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'Till Debt Do Us Part' : Financial Implications of the Divorce of the Irish Free State from the UK, 1922-6

FitzGerald, John and Kenny, Seán LU (2017) In Lund Papers in Economic History
Abstract
In this paper, we discuss the unresolved apportionment of national debt when Ireland exited the UK in 1922. Using archival sources and contemporary accounts, we estimate that the British claim on Ireland in 1925 amounted to between 80 and 100 per cent of GNP at a time when the political stability of Ireland was already fragile. We describe the process of how this contingent liability, arising from the Anglo-Irish Treaty of 1921, was ultimately waived in a Financial Agreement in 1925 at the expense of an unchanged border with Northern Ireland. The Irish government also sought, but failed, to secure protection against discrimination for Catholics in Northern Ireland as part of the agreement. While for the Irish Government, this settlement... (More)
In this paper, we discuss the unresolved apportionment of national debt when Ireland exited the UK in 1922. Using archival sources and contemporary accounts, we estimate that the British claim on Ireland in 1925 amounted to between 80 and 100 per cent of GNP at a time when the political stability of Ireland was already fragile. We describe the process of how this contingent liability, arising from the Anglo-Irish Treaty of 1921, was ultimately waived in a Financial Agreement in 1925 at the expense of an unchanged border with Northern Ireland. The Irish government also sought, but failed, to secure protection against discrimination for Catholics in Northern Ireland as part of the agreement. While for the Irish Government, this settlement may have represented a political failure, the economic outcome of the agreement transformed the economic position of the new Irish State from one of potential insolvency into one of viability. (Less)
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author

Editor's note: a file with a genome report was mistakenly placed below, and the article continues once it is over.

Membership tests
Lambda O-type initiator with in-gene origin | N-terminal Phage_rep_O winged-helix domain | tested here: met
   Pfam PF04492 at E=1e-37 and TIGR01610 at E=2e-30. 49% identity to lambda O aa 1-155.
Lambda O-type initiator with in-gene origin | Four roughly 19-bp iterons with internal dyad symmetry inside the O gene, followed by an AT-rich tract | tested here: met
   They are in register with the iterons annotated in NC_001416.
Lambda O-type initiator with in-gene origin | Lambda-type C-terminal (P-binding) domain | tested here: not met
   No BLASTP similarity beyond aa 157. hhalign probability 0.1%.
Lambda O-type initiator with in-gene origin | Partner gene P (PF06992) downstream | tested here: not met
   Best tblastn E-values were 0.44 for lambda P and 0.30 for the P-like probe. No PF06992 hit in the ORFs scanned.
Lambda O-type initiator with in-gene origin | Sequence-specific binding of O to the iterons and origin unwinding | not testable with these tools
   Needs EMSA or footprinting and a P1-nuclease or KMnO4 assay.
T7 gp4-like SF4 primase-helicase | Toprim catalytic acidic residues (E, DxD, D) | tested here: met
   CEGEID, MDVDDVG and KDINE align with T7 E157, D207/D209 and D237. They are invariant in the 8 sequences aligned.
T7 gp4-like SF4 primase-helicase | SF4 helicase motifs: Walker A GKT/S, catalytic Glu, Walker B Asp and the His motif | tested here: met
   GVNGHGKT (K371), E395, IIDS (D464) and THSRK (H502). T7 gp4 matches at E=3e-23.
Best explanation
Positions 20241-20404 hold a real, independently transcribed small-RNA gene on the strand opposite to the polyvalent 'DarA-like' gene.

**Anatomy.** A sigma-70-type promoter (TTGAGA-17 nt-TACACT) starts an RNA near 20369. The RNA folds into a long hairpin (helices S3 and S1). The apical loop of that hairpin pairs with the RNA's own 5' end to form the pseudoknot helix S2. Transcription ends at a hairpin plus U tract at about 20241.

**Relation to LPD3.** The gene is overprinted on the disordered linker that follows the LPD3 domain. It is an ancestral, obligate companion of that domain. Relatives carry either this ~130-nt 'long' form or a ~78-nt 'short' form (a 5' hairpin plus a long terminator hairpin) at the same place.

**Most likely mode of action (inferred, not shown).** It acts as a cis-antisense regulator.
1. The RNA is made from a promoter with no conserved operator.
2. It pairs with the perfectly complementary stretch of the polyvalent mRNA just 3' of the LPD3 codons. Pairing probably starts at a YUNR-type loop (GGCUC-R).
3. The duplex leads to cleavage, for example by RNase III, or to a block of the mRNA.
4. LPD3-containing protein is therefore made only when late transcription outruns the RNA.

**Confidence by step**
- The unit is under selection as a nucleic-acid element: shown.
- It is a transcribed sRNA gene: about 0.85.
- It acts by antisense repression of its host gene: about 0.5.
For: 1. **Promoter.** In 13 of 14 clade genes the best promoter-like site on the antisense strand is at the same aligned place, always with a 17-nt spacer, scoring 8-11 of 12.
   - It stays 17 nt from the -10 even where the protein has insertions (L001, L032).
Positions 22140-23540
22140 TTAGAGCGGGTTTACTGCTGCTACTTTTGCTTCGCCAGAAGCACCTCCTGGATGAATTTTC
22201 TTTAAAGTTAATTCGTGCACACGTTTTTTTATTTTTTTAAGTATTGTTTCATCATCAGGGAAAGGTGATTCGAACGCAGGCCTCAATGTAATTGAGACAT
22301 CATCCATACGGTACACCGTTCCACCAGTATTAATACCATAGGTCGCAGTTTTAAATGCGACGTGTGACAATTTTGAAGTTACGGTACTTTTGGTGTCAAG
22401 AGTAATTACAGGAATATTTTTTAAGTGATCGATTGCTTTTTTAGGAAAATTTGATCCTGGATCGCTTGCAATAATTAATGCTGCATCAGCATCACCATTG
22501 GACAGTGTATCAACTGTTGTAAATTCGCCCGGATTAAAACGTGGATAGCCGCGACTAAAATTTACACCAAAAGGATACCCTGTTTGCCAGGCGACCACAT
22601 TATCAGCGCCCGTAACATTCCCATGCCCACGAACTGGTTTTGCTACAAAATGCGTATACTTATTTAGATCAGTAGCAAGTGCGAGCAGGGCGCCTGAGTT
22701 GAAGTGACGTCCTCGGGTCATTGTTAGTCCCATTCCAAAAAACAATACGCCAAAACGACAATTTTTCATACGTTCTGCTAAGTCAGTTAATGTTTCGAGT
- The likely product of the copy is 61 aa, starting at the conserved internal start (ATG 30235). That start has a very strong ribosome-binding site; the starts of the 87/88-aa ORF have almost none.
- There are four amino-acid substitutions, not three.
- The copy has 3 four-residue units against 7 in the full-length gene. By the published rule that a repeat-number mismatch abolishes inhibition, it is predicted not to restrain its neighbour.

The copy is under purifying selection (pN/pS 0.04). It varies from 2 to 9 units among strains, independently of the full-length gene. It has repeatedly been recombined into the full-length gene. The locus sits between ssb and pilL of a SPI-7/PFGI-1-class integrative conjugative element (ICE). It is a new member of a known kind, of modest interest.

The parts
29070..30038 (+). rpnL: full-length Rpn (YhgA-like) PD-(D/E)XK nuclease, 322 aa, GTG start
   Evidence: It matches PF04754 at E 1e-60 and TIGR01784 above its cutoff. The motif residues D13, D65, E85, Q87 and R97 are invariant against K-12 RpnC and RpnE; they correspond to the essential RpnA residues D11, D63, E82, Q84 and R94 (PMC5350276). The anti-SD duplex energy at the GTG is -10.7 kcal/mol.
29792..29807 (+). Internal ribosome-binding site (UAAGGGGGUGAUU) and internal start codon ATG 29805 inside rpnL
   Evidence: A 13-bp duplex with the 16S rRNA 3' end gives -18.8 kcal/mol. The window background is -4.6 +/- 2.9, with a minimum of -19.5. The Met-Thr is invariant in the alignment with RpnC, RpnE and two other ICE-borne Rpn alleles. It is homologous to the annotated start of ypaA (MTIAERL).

organization
publishing date
type
Working Paper
publication status
published
subject
keywords
Contingent liability, public debt, secession, independence, Ireland, United Kingdom, Financial Agreement, political economy, border, E62, F50, H60, H77, N00
in
Lund Papers in Economic History
issue
166
pages
37 pages
publisher
Department of Economic History, Lund University
language
English
LU publication?
yes
id
4318b036-7405-4e20-858c-9df55853f7ee
date added to LUP
2017-11-30 15:17:47
date last changed
2017-11-30 16:45:15
@misc{4318b036-7405-4e20-858c-9df55853f7ee,
  abstract     = {In this paper, we discuss the unresolved apportionment of national debt when Ireland exited the UK in 1922. Using archival sources and contemporary accounts, we estimate that the British claim on Ireland in 1925 amounted to between 80 and 100 per cent of GNP at a time when the political stability of Ireland was already fragile. We describe the process of how this contingent liability, arising from the Anglo-Irish Treaty of 1921, was ultimately waived in a Financial Agreement in 1925 at the expense of an unchanged border with Northern Ireland. The Irish government also sought, but failed, to secure protection against discrimination for Catholics in Northern Ireland as part of the agreement. While for the Irish Government, this settlement may have represented a political failure, the economic outcome of the agreement transformed the economic position of the new Irish State from one of potential insolvency into one of viability.},
  author       = {FitzGerald, John  and Kenny, Seán},
  keyword      = {Contingent liability,public debt,secession,independence,Ireland,United Kingdom,Financial Agreement,political economy,border, E62,F50,H60,H77,N00},
  language     = {eng},
  note         = {Working Paper},
  number       = {166},
  pages        = {37},
  publisher    = {Department of Economic History, Lund University},
  series       = {Lund Papers in Economic History},
  title        = {'Till Debt Do Us Part' : Financial Implications of the Divorce of the Irish Free State from the UK, 1922-6},
  year         = {2017},
}